90 days from today is Sat, 05 September 2020
7 February 2020
“The cuts were so deep they will take years if not decades to recover from. HMICFRS know this but has chosen to make no mention of it in these reports.”
Matt Webb, Chairman of Sussex Police Federation reacts to HMIC report “Noticeable differences between police and the service they provide” which has led to headlines this morning such as “Failing police 'rumbled' by weary public” and “Crimes not reported' as public lose confidence in police”
Matt said: “It must be time that HMICFRS start to provide opinion as to why confidence has dropped, rather than just grab the headlines with reports such as this.
“Since 2010 police officer numbers were slashed by the Governments lead by David Cameron and Theresa May – despite repeated warnings from The Police Federation at local, regional and National levels.
“While numbers were reducing crime was soaring, becoming more complex and partner agencies were withdrawing from collaborative working leaving the Police to pick up the pieces in areas such as mental health, and children in care.”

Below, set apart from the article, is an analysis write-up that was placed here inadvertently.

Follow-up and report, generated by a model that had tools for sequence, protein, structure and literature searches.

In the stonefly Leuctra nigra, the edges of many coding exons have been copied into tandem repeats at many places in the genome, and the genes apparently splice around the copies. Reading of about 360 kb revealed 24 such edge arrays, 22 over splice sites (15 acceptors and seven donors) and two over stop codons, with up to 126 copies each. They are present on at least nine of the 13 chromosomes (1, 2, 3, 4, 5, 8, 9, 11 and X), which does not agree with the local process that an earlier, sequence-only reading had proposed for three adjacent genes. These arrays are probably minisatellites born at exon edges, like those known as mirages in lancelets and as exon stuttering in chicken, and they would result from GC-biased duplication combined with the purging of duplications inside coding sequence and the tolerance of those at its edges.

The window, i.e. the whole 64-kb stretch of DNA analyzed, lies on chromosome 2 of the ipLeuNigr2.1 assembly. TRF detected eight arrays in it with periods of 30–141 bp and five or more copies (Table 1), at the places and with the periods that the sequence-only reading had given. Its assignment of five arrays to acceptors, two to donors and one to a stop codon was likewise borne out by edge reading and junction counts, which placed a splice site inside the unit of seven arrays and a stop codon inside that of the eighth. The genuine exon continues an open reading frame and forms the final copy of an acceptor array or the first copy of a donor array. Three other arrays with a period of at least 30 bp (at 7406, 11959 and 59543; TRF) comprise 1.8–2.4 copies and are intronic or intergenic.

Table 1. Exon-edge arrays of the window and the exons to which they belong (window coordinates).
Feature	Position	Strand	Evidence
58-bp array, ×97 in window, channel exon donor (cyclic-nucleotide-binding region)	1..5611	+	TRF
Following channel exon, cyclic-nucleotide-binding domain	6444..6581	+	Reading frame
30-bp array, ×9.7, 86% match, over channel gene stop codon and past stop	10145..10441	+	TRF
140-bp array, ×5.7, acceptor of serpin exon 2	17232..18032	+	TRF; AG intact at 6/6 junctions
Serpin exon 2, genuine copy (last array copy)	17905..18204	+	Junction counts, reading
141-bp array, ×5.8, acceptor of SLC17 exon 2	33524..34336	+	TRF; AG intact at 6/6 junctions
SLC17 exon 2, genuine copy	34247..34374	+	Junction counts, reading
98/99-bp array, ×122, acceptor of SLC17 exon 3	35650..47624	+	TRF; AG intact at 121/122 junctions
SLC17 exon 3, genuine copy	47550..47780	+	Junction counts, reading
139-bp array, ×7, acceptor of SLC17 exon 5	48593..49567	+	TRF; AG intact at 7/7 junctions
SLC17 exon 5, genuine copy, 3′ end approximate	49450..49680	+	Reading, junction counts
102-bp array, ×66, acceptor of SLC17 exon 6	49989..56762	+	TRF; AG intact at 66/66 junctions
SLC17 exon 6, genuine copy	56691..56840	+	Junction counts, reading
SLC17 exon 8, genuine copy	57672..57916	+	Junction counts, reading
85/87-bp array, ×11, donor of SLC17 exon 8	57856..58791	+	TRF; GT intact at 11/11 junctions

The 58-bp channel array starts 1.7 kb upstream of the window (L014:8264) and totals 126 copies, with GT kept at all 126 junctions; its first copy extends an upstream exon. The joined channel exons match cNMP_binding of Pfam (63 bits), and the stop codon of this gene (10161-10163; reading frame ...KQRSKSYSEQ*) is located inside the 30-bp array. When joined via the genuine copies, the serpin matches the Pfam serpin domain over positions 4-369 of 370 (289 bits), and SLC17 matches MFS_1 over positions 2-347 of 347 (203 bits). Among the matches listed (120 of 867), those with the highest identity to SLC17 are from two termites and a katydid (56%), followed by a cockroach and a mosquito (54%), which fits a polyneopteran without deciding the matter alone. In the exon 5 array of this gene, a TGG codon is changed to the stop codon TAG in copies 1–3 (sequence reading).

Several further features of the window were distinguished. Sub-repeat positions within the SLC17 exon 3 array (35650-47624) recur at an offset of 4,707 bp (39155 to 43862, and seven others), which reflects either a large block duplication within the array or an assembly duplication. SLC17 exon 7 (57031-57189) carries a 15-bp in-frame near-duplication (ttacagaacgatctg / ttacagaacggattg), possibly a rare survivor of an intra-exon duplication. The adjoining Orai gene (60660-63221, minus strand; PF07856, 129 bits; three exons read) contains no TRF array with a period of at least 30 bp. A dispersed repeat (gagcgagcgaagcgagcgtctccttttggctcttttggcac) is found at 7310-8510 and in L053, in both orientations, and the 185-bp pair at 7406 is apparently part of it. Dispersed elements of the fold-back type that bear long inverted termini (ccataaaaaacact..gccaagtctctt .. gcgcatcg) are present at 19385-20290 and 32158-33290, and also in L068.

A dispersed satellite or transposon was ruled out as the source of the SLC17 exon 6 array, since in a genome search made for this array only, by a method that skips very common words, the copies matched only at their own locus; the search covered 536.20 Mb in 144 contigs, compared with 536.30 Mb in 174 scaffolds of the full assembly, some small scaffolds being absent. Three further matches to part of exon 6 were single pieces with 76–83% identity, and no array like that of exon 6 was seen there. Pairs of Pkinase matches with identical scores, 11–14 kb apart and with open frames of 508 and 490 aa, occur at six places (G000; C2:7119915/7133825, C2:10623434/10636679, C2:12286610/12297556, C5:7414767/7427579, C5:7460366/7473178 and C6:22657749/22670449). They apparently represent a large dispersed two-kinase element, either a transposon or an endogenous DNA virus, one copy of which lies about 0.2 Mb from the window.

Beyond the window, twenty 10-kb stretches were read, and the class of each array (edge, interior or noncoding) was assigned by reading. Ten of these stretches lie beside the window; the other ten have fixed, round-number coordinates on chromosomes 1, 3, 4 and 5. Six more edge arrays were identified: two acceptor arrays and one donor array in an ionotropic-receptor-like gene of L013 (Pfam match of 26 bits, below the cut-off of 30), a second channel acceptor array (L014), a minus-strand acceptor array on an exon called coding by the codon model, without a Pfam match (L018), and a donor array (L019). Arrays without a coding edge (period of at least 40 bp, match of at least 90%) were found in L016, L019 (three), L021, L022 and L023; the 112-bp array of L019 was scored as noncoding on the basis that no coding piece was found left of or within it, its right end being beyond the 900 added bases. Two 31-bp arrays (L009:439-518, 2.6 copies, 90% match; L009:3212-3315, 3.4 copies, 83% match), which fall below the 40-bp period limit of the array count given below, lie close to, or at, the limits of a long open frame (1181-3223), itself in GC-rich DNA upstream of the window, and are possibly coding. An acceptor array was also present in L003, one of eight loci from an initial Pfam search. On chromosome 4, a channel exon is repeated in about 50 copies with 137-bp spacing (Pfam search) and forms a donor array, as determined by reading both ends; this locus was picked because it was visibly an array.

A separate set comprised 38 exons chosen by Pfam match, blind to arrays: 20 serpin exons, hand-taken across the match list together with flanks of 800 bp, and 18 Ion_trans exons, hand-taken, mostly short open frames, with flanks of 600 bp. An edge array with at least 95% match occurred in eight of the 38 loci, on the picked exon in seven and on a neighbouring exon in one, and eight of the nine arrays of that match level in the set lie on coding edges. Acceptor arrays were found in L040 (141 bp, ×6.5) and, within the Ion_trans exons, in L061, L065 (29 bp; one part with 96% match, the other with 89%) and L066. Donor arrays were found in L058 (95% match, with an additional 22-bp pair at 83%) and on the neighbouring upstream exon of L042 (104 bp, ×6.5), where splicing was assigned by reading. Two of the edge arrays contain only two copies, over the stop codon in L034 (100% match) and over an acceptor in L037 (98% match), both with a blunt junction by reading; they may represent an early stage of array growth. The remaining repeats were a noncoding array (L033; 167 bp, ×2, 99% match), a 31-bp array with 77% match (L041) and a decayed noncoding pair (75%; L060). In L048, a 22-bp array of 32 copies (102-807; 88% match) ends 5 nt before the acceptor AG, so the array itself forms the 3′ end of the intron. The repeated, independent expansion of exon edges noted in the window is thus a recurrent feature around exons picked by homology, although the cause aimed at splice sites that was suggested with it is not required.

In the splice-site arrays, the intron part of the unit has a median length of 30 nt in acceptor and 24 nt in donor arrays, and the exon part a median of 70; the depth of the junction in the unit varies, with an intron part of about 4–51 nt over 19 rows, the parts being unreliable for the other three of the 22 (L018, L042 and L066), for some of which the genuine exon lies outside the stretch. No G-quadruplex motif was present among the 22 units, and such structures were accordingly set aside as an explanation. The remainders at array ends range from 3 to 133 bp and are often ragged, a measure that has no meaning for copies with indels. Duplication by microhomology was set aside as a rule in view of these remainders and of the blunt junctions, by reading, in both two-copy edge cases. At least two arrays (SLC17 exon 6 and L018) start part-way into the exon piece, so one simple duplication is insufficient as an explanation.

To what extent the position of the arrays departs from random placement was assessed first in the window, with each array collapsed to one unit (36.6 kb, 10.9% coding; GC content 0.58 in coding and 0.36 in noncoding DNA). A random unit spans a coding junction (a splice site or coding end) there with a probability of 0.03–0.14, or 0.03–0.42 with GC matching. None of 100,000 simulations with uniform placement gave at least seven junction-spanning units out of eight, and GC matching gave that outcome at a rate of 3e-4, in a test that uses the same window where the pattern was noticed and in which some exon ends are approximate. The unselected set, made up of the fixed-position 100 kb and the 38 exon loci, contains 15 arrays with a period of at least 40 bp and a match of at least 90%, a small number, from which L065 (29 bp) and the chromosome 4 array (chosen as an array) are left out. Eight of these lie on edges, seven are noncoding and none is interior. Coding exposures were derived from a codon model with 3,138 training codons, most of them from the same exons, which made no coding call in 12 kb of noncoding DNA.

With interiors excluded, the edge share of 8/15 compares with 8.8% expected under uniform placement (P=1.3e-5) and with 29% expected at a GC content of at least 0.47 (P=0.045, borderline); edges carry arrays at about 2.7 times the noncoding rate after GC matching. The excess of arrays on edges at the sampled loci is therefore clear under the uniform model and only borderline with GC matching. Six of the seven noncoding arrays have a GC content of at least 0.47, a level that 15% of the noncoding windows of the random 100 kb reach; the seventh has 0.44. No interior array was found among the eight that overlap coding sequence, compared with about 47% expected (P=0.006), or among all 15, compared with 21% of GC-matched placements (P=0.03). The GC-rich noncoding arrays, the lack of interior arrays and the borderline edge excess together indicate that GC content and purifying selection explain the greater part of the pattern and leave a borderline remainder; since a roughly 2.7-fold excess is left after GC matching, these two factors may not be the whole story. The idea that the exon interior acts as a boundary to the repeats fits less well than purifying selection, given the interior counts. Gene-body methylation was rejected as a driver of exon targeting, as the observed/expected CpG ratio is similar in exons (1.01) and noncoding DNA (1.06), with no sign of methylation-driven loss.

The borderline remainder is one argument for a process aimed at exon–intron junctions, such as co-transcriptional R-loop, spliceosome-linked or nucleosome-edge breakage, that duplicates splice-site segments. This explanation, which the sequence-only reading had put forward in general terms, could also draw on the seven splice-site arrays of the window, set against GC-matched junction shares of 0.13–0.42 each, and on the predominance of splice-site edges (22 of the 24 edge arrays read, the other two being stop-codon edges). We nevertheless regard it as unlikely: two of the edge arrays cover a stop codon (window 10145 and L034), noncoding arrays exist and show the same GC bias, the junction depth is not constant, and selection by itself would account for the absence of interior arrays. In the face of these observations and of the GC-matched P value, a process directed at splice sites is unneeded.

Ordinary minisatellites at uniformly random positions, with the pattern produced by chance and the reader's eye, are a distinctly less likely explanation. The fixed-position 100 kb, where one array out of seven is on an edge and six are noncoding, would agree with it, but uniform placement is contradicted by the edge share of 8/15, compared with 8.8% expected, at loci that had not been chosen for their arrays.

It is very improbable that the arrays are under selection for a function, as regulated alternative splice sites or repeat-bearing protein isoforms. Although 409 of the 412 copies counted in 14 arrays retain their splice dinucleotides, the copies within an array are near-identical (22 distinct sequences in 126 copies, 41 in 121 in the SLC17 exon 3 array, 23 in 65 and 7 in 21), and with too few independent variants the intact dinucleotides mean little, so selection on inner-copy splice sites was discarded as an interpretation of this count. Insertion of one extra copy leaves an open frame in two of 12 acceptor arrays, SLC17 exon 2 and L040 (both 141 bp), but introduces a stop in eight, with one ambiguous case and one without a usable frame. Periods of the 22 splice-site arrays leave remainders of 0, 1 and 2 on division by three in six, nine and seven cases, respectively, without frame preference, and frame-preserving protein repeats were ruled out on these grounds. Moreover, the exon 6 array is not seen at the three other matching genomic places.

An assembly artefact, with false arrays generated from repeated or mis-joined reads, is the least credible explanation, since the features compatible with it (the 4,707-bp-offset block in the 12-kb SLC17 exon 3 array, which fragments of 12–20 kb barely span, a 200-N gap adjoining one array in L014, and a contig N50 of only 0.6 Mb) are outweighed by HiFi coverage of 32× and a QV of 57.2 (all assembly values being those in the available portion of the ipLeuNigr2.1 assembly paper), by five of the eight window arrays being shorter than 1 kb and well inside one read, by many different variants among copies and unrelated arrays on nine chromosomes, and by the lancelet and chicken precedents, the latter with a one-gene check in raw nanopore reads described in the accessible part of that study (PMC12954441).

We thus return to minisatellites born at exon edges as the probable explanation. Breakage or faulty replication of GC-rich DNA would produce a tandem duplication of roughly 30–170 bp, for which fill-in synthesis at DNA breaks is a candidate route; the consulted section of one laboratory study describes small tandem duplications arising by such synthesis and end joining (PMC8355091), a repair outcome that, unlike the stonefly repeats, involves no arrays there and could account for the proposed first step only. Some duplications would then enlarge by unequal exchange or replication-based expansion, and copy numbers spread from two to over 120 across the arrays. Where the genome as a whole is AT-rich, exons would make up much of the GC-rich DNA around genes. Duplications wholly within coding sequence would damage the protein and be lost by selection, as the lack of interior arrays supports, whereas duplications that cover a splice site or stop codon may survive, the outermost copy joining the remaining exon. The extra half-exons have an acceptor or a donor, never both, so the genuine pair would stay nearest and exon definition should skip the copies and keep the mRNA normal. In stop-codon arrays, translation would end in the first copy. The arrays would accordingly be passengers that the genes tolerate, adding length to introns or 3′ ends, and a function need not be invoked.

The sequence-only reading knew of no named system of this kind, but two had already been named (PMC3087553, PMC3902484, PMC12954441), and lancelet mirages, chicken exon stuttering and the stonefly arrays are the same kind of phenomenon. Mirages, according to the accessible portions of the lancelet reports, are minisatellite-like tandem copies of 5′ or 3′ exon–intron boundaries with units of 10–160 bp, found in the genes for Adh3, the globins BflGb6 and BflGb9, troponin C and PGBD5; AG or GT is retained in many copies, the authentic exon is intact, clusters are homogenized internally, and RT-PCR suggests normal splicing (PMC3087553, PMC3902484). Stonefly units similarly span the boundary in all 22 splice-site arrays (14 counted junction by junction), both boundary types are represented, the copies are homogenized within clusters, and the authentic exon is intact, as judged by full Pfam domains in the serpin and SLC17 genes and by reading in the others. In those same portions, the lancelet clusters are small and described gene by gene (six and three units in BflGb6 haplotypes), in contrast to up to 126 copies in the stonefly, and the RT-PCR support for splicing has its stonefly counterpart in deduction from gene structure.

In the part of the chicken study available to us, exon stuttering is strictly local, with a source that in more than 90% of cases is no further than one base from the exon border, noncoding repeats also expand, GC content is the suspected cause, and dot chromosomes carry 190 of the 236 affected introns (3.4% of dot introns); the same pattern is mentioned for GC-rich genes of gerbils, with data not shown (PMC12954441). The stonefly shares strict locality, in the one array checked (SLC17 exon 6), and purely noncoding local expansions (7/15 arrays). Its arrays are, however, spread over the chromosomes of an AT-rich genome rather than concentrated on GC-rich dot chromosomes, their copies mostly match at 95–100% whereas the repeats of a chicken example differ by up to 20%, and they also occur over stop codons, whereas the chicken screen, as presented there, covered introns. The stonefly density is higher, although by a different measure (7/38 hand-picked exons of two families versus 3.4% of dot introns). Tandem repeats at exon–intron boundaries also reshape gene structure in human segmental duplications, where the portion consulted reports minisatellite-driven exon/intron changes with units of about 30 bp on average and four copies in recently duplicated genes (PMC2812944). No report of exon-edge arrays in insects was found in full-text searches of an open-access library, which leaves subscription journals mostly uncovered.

Matt added: “The cuts were so deep they will take years if not decades to recover from. HMICFRS know this but has chosen to make no mention of it in these reports.
“The 20,000 additional officers promised by the current Government are very welcome but they will take a number of years to be fully trained and will still only get us to a similar number we had in 2010 – over a decade ago.
“It is disappointing that HMICFRS have focused on the symptoms rather than the cause.”
See the full report here https://www.justiceinspectorates.gov.uk/…/noticeable-diffe…/
In the report, HMIC Matt Parr said the public had "rumbled" that the police do not have the capacity to deal with common crimes, such as burglaries or car crime, and have given up reporting incidents to police.
"I think particularly in the volume crime area the public has rumbled that the police capacity to deal with this is extremely limited."
Mr Parr added: "There are some strikingly low figures about car crime resolution, meaning most of the public simply give up reporting it because the chances of anything positive happening are so slim."
"The country is just short of investigators," he said. "There's lots of forces that haven't got enough detectives - therefore, very often, crimes aren't allocated to the right people to investigate."